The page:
We are actually leaving the world a better place than when we got it and this is the really fantastic point about the real state of the world: that mankind’s lot has vastly improved in every significant measurable field and that it is likely to continue to do so.

Thus, this is the very message of the book: children born today—in both the industrialized world and developing countries—will live longer and be healthier, they will get more food, a better education, a higher standard of living, more leisure time and far more possibilities—without the global environment being destroyed.

Alex Epstein’s The Moral Case for Fossil Fuels (2014) similarly argued that the  “benefits of fossil fuels go far beyond climate: cheap, plentiful, reliable energy gives human beings the power to improve every aspect of life, including productivity, food, clothing, and shelter.” But Epstein also  took Lomborg’s ideas a step further, arguing that it’s  immoral  to oppose fossil fuels because humanity has not benefitted equally from the fossil-fuel revolution. “You can’t be a humanitarian and condemn the energy humanity needs,” he wrote. “To oppose fossil fuels is ultimately to oppose the underdeveloped world.” Epstein went so far as to say, “I believe that we owe the fossil fuel industry an apology. While the industry has been producing the energy to make our climate more livable, we have treated it as a villain. We owe it the kind of gratitude that we owe anyone who makes our lives much, much better.”

The Trump administration espouses similar views. Last month, at a regional oil summit in South Africa, Perry called for a “a global clean coal alliance” and bemoaned the “culture of shame” surrounding fossil fuels. “If you admit you support fossil fuels, it’s like saying you’ve made some huge social error,” he said. “But it’s in fossil fuels that you will see real growth.” Perhaps no Trump official is moralistic about fossil fuels than EPA Administrator Scott Pruitt. “True environmentalism from my perspective is using natural resources that God has blessed us with to feed the world,” he said last month. Like Epstein, Pruitt also accuses modern environmentalists of valuing untouched land over human prosperity. If given an apple orchard that could feed the hungry, Pruitt said, environmentalists “would say it’s so pristine and we shouldn’t touch it.”

This is a false characterization of modern environmentalism, which argues instead that mankind cannot prosper in the long run if it continues to burn fossil fuels at the current rate. “The view that nature and humanity are inextricably bound together more accurately captures the environmental perspective,” Jody Freeman, a ConocoPhillips board member and founding director of Harvard’s environmental law program, wrote in a  criticism  of Epstein’s book. “Those who argue for a shift to cleaner energy are not working to save the planet for its own sake but rather to avoid disastrous long-term consequences to humans.”  For instance: “Sea-level rise may be greater than even the best-built seawalls can manage. Extreme weather events, such as hurricanes and floods, could be severe enough to lead to the dislocation of large populations, which can’t easily be returned home. Drought and heat waves could affect crop and meat production, disrupting the food supply. Changes to ecosystems may cause the extinction of highly valuable plant and animal species, the benefit of which would be lost forever.”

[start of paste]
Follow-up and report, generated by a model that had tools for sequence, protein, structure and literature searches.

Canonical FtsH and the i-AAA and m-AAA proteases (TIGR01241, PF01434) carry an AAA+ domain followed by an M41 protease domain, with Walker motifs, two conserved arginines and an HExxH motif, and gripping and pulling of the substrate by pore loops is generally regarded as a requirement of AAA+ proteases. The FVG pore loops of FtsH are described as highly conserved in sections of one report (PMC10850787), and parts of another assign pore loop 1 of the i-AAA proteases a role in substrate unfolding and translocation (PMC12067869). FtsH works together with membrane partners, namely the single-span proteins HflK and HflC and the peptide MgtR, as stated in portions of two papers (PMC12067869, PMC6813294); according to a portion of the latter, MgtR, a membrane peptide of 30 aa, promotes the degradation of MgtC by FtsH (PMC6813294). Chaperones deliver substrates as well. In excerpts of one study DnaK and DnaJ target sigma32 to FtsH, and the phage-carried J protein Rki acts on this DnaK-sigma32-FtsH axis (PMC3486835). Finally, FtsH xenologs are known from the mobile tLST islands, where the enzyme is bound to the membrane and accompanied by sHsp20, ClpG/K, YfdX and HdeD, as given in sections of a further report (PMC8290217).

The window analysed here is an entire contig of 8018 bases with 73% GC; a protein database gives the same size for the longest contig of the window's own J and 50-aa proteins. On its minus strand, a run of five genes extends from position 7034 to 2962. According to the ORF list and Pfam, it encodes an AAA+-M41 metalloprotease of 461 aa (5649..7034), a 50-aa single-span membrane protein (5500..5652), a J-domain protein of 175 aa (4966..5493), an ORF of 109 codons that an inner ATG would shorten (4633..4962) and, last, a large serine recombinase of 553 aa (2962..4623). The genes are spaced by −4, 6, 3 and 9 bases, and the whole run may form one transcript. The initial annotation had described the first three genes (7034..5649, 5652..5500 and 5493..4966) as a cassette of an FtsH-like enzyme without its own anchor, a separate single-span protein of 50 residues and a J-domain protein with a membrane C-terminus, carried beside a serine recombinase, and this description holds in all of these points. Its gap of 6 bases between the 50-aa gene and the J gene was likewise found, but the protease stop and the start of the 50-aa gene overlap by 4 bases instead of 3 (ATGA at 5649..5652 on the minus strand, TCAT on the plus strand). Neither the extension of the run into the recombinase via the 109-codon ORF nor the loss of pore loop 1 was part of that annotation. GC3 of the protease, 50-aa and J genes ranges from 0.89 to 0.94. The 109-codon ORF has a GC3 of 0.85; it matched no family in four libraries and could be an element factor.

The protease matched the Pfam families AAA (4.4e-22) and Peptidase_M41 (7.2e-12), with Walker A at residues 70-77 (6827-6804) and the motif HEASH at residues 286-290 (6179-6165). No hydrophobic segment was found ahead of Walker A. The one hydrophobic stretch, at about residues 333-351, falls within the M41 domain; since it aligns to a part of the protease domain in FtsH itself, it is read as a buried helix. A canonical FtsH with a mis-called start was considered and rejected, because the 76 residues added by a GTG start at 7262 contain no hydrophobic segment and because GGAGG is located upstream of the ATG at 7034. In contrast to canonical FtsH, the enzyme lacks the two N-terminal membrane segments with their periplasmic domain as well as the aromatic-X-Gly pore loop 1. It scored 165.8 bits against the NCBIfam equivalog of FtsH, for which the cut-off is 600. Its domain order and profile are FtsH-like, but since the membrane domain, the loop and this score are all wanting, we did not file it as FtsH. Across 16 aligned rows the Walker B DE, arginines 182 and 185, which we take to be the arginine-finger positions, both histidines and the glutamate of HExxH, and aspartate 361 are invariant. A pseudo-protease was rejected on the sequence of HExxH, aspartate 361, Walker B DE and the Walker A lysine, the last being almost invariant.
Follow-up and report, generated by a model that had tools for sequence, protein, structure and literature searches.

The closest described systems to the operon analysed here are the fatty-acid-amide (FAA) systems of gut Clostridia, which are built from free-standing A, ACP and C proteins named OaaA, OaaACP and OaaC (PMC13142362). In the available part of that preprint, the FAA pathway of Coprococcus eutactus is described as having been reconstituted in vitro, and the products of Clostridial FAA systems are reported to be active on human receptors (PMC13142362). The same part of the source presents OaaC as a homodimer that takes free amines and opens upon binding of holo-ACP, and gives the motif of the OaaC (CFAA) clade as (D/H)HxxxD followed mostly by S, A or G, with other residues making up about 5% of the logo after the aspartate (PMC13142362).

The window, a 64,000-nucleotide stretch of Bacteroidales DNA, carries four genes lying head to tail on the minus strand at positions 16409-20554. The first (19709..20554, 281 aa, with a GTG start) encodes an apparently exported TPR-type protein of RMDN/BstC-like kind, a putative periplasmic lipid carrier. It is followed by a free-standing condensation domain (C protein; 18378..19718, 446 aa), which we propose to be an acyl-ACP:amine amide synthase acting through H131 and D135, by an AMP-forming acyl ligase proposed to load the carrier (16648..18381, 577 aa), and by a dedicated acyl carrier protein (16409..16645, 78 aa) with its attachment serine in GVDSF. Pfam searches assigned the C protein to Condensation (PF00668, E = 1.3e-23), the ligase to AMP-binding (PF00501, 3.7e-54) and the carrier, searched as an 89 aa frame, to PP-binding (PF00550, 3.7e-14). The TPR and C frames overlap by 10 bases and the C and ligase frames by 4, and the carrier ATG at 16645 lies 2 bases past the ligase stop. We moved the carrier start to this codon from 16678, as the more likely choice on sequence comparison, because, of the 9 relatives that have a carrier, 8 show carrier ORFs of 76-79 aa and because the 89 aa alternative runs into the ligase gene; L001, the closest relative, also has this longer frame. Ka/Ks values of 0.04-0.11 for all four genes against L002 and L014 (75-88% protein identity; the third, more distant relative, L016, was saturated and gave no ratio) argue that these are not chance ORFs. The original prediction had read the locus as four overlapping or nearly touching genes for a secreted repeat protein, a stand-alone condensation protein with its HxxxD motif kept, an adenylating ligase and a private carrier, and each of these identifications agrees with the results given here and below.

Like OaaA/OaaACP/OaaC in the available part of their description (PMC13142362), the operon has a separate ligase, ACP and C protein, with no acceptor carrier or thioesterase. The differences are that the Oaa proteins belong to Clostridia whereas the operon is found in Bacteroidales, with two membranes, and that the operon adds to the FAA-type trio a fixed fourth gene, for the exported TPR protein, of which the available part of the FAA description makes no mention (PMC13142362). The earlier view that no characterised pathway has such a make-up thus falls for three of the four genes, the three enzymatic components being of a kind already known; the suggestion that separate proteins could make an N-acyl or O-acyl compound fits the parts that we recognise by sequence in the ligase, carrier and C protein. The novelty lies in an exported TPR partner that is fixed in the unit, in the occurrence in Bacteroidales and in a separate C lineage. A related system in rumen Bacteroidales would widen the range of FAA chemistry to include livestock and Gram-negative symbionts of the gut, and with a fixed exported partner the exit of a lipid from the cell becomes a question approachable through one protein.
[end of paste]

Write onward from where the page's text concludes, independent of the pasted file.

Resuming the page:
These impacts directly threaten human life and prosperity. Scientists aren’t the only ones who say so; insurance companies, economists, and the U.S. military do, too. Even many fossil-fuel companies acknowledge the threat of climate change. “The risk of climate change is clear and the risk warrants action,” ExxonMobil states on its website. “Increasing carbon emissions in the atmosphere are having a warming effect.” BP’s site states, “So why do companies that produce oil and gas want to see more done to tackle climate change? The first reason is simply that we want the planet to be sustainable in the future. We have the same hopes and fears for our children and grandchildren as anyone else.”